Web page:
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 Bicycle Glossary - L


Lacquer - A thin, semi-transparent paint which dries quickly. Lacquer is applied in several layers, as many as twenty. Between some layers, the paint is rubbed out (polished), leaving an extremely glossy finish. The final layers of lacquer may be clear. Mylar  flakes which look like metal can be added to give the bike a "metalflake" finish. The first layers of paint after the primer can be gold, silver or white, which makes any color applied on top look more vibrant. With lacquers, you can have metalflake candy-apple red, for instance, which is just amazing in its color quality. However, lacquer finishes tend to be fragile. They are easily scraped or chipped.

Two techniques which work especially well with lacquer are overspray painting, and polishing. In overspraying, after the bike is painted a solid color, another color is sprayed just at the intersections, and faded toward the middle of the frame tubes. Polishing is seldom seen, but very custom. The middle sections of the three main tubes, and possibly the ends of the chainstays, seatstays and fork blades are polished with successively finer grades of sand paper, and finally cloth and polishing compound. They are then covered with tape, and the rest of the bike is painted. Finally, the tape is removed, and then the entire bike is sprayed with clear lacquer. The result appears to be chromed middles of the frame tubes. 
Spraying lacquer takes a lot of technique. You want to keep the spraygun close and move fast, because at any distance beyond about 30 cm (a foot), the paint dries before it hits the bike, resulting in a mechanically weak or blotchy paint job. 

My suggestion is to enjoy this discussion, but do not paint your own bike. It is difficult to do with anywhere near the quality of the factory finish. But even more important, it is a dangerous undertaking. Getting long-term diseases related to poisoning yourself is not a pretty thing to do. - Jeff

See also: Enamel, Imron, Overspray

25-ways: Painting bikes professionally

Ladies' bike - A bike with a frame that has no toptube, or a toptube that runs parallel to the downtube.  The original intent was to produce a bike that women wearing skirts could ride.  Interestingly, ladies' bikes are safer then men's bikes, even for men.  See also: Men's bike.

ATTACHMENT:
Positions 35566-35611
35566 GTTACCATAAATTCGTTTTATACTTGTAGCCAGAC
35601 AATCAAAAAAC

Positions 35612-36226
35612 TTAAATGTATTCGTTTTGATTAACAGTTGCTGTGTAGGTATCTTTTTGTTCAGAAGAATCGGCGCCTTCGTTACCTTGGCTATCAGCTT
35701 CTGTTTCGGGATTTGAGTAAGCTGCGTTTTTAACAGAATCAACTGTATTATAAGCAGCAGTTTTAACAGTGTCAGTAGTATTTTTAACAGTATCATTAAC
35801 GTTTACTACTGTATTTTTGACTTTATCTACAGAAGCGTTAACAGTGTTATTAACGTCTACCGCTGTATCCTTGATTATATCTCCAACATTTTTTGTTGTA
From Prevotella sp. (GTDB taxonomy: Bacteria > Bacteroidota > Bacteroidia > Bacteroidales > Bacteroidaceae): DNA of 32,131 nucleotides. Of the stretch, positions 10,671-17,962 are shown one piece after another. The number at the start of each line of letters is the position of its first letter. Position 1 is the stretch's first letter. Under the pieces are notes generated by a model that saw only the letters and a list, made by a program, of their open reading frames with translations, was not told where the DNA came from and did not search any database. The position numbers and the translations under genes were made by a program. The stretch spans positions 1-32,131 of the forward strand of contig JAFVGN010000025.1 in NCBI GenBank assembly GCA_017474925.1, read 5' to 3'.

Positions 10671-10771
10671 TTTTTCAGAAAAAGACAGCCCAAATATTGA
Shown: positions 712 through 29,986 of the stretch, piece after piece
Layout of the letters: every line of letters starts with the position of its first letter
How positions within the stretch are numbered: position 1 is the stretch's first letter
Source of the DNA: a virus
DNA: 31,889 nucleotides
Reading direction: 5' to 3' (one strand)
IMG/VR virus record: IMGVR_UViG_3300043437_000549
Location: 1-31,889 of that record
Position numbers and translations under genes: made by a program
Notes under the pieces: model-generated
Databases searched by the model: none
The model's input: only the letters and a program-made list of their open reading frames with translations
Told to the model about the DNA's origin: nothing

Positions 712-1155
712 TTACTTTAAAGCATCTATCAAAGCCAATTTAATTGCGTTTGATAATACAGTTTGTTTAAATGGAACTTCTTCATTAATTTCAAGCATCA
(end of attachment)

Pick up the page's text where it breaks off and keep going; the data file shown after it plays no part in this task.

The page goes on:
Lathe - A machine for precisely shaping metal.  Bike shops sometimes have a lathe for custom fabrication of bicycle components. A lathe generally spins the metal piece against a cutter that can be slowly moved in and out and sideways along the turning piece. Bike shops use 'metal lathes.'  A 'wood lathe,' is another kind of lathe that spins faster, and uses less precise handheld chisels for shaping wood.  See also milling machine.

Left-threaded - Nuts and bolts which are threaded the reverse of the standard way. To tighten a left-threaded part, turn it as if you were removing a jar lid. Bicycle parts frequently have left threading, since many bicycle parts rotate. Rotating parts might otherwise unscrew themselves depending on which direction they usually turn. The most common left-threaded parts are left side pedals, freewheel lockplates, and one-piece ("American") crank locknuts and left side bearing cones). Synonyms: Left-hand threaded, Reverse threading

Limit screw - A screw on a derailleur which controls how far the derailleur can travel. Each derailleur has two limit screws. One limits how far the derailleur can move toward the largest sprocket, and the other controls the maximum movement toward the smallest sprocket. If a limit screw is too loose, the chain can fall off the sprocket when shifted. If too tight, it will not engage the sprocket, or will engage slowly. Synonym: Adjusting screw.

Limit screws on a front derailleur